Death row inmate seeks new trial

March 29, 1994|By Sheridan Lyons | Sheridan Lyons,Sun Staff Writer

Death row inmate Kevin Wiggins is back in Baltimore County Circuit Court, seeking a new trial or a life sentence on his 1989 conviction for the murder of a 77-year-old Woodlawn woman.

In a post-conviction hearing, he has claimed that he was abused as a child, cited statistics showing that blacks are underrepresented in the county's jury pool and raised questions about the trial attorneys' inexperience.

Wiggins, now 32, had no criminal convictions until he was sentenced to death in October 1989 for the murder and robbery of Florence Lacs. She was found Sept. 17, 1988, drowned in her bathtub -- which had been filled with household chemicals -- at the Clark Manor apartments, where Wiggins worked as a painter. He was caught with her car, credit cards and a ring.

Judge John F. Fader II began a hearing Jan. 7 on a petition by attorneys from Jenner & Block in Washington. It continued yesterday with testimony by Wiggins' trial attorneys, Carl Schlaich and Michele Nethercott, both relatively new assistant public defenders at the time.

Ms. Nethercott, then handling her first capital case and her third jury trial, said she thought the defense was strong because the assistant medical examiner and a defense expert placed time of death a day after Wiggins was seen in the apartment hallway Sept. 15. A friend of the victim said she spoke to her after the murder supposedly occurred.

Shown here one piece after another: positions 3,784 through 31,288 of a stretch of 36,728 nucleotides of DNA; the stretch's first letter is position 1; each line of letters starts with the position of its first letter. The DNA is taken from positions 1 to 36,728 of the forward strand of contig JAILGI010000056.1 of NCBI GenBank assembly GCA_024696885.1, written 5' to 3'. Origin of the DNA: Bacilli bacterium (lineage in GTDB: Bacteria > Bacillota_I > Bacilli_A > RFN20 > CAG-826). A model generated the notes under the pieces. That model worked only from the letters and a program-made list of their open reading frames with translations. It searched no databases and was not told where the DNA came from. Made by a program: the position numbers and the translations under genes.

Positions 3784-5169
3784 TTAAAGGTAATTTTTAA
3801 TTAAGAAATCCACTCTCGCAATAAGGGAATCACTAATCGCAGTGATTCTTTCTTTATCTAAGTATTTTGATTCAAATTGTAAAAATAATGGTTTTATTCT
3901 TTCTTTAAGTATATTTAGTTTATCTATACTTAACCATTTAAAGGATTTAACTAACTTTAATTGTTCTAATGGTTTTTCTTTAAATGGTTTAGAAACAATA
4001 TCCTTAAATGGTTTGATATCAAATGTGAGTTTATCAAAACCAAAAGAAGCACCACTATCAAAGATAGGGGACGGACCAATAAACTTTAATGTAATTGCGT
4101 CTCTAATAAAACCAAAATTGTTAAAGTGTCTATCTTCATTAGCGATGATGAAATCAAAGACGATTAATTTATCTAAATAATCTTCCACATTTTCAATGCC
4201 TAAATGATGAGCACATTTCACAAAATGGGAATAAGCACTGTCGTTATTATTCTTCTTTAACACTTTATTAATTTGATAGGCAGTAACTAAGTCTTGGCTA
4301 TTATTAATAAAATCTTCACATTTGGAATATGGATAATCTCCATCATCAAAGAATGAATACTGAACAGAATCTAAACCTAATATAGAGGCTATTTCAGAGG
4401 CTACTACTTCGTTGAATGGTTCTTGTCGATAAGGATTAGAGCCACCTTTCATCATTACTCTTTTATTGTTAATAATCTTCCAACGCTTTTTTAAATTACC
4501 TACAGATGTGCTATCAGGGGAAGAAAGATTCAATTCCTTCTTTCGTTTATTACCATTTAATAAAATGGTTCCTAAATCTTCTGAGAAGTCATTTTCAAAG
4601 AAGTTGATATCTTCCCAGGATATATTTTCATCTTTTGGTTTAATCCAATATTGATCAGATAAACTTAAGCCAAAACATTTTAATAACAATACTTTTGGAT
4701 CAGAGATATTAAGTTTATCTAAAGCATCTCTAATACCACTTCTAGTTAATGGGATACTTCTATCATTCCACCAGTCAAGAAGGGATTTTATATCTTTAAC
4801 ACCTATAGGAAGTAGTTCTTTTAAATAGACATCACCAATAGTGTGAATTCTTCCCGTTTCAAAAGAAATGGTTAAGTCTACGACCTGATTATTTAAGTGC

But "just before the trial date, the essence of the defense appeared to be falling apart," Ms. Nethercott said. The medical examiner refashioned her testimony and the defense expert refused to testify.

Ms. Nethercott agreed with Donald B. Verrilli Jr., one of the three new attorneys, that she and Mr. Schlaich could have sought a postponement, had her testify herself as a defense witness about what she was told by the medical examiner or cross-examined the examiner.

Assistant State's Attorney S. Ann Brobst yesterday sought to "set the record straight," noting that Wiggins' former girlfriend corroborated the state's case.

In testimony Jan. 7, Richard A. Seltzer, a professor of political science at Howard University with an interest in statistics and jury behavior, said only three blacks were among 104 jurors called for the sentencing portion of Wiggins' trial, af

ter he was found guilty by a judge in August 1989.

Hans H. Selvog, of the National Center on Institutions and Alternatives in Alexandria, Va., said Wiggins' mother was an alcoholic who abandoned him and his sisters for weeks at a time, locking the kitchen so they had to beg for food or scrounge garbage to eat.

When Kevin was 5, his mother punished him for getting into the kitchen by placing his hands on the stove burner, and at 6, he was placed into foster care, where the foster mother was abusive.

The children moved to a second foster home, where Kevin remained from 1968 to 1977 -- and where his foster father raped him, Mr. Selvog said. He said the boy became lethargic, unable eat to the point that he needed medical attention, and was "starved for affection." His IQ is 71 -- borderline for mental retardation.

Wiggins was placed with several other families, where he caused problems by refusing to sleep in a bed or to eat, and where he sometimes suffered further abuse. At 16, he was raped by the older sons of one foster mother, Mr. Selvog said.

Wiggins quit school in 11th grade to join the Job Corps. There, a staff member befriended him, took him out drinking -- and molested him.

From lifelong abuse, Wiggins is depressed and suicidal, he said.

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